Just 10 months after Oklahoma State marked the decade anniversary of the deaths of 10 members of its men's basketball team's traveling party in a plane crash, school president Burns Hargis welled up last Friday as he addressed the media about OSU's "worst nightmare." Late on Thursday afternoon women's basketball coach Kurt Budke, 50, and 36-year-old assistant Miranda Serna were on a recruiting trip when their plane plummeted into the Arkansas wilderness, 45 miles west of Little Rock, killing everyone aboard, including the pilot, former Oklahoma State Senator Olin Branstetter, and his wife, Paula.
Budke, an NJCAA Hall of Famer who won four juco national championships in the 1990s at Trinity Valley Community College in Athens, Texas—including the '96 title, with Serna at point guard—had transformed OSU in five years into a Big 12 contender. Employing a fast, pressing style, he took a team that went winless in the conference in 2005--06, his first season, to a 27--8 record and a Sweet 16 appearance two years later. Finally, in 2010, behind senior point guard Andrea Riley, the Cowgirls broke into the nation's Top 10 for the first time. And Budke had a sense of occasion to match his eye for talent. He once broke out a tuxedo for an NJCAA tournament game, and he sported a bright orange blazer for meetings with rival Oklahoma in recent years.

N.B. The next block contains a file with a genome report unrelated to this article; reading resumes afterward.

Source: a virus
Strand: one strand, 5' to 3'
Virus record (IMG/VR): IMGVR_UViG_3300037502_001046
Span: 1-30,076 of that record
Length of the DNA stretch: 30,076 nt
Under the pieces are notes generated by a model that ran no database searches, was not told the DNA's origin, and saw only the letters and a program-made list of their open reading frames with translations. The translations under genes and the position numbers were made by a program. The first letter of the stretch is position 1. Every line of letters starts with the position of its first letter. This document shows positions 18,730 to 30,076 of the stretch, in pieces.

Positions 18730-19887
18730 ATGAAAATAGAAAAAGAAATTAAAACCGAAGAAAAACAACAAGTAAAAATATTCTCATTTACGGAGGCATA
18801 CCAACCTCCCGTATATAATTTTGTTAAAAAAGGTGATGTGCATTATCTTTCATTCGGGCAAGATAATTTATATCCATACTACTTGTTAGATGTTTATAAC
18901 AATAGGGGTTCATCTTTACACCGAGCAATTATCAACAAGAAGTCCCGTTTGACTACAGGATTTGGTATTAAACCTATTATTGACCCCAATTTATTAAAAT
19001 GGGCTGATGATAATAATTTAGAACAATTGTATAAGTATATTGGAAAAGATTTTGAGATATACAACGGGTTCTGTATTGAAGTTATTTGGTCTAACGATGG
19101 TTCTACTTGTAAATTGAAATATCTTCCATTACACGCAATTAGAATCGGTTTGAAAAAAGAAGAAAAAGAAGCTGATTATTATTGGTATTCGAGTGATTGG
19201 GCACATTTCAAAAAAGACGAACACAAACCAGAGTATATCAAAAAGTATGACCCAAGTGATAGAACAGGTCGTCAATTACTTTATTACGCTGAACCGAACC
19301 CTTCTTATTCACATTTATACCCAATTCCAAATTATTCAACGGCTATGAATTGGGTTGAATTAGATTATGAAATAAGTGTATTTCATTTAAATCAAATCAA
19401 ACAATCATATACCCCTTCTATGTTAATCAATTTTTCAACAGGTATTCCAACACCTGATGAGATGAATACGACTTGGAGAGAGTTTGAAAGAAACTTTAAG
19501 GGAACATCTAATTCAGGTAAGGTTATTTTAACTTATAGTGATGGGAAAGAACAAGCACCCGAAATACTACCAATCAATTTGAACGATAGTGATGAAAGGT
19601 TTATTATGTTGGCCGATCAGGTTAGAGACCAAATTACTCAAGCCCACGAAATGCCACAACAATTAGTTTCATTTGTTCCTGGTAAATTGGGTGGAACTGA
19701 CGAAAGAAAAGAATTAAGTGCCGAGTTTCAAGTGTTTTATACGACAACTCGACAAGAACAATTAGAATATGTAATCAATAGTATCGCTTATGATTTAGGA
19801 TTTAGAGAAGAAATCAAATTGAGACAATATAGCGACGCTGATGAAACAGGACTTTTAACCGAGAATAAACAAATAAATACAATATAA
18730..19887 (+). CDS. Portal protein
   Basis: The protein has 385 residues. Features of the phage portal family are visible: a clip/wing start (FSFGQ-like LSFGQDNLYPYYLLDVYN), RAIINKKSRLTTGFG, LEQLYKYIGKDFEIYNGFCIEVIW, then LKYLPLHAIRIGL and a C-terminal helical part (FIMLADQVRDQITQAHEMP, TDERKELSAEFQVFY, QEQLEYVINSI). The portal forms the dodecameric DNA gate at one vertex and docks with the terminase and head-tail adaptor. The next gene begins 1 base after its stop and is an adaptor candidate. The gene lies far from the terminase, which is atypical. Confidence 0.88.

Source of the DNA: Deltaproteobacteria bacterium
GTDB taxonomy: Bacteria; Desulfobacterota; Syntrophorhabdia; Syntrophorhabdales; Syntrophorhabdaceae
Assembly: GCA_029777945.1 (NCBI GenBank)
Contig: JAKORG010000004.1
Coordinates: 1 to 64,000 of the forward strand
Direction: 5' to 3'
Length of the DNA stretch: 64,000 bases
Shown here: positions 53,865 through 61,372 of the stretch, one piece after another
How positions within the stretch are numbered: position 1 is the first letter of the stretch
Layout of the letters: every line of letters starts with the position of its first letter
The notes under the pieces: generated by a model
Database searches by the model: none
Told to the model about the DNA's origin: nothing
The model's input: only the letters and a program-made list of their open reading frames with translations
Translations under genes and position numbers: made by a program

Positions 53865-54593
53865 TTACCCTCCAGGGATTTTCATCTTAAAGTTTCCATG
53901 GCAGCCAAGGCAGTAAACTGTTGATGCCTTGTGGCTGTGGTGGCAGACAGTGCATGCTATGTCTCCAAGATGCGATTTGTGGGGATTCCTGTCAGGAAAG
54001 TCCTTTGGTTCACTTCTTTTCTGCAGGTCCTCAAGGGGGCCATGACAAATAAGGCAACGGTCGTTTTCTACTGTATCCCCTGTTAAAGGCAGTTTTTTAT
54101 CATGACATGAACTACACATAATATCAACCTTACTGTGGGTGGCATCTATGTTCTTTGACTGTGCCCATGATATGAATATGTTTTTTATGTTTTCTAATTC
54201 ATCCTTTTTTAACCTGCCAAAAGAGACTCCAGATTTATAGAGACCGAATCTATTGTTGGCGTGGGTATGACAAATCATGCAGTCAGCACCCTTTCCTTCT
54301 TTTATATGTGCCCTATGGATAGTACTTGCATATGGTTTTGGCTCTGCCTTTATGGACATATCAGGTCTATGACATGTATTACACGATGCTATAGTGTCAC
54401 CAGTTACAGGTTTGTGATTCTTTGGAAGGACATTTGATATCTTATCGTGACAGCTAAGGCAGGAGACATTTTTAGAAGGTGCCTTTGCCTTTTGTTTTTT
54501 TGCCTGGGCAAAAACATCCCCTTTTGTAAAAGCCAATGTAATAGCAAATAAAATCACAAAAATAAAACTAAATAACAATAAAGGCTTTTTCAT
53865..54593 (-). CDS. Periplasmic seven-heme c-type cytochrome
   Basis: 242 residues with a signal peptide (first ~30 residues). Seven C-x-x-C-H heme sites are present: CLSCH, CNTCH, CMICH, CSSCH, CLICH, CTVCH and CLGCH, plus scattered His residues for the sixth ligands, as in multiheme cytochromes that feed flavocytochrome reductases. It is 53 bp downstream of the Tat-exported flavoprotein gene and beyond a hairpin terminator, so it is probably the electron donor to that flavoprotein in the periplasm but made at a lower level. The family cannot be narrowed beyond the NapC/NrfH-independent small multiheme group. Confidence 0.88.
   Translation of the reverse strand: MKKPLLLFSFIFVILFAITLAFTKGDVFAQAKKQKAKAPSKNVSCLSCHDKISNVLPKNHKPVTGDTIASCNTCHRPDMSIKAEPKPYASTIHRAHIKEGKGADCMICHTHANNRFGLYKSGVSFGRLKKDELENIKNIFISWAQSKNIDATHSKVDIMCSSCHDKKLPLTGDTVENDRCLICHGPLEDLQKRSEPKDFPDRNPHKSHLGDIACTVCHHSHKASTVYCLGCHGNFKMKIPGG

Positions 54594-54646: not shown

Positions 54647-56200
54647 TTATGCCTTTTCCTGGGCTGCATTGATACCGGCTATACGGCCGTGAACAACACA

"He made the rivalry fun again," says Oklahoma coach Sherri Coale. "We'd meet at half-court before games, and I always had something snide ready to say about his blazer. But he'd beat me to the punch. He'd make fun of himself before I could."
That exchange won't take place on Jan. 14, when the two teams next meet. Instead, fans will be left to ponder the question that haunts Coale: "How can this happen to the same school twice?"
ROSS D. FRANKLIN/AP (BUDKE)
CRUSHING LOSS Thousands of fans paid their respects on Monday to Budke and three other victims of the crash, the cause of which was still undetermined.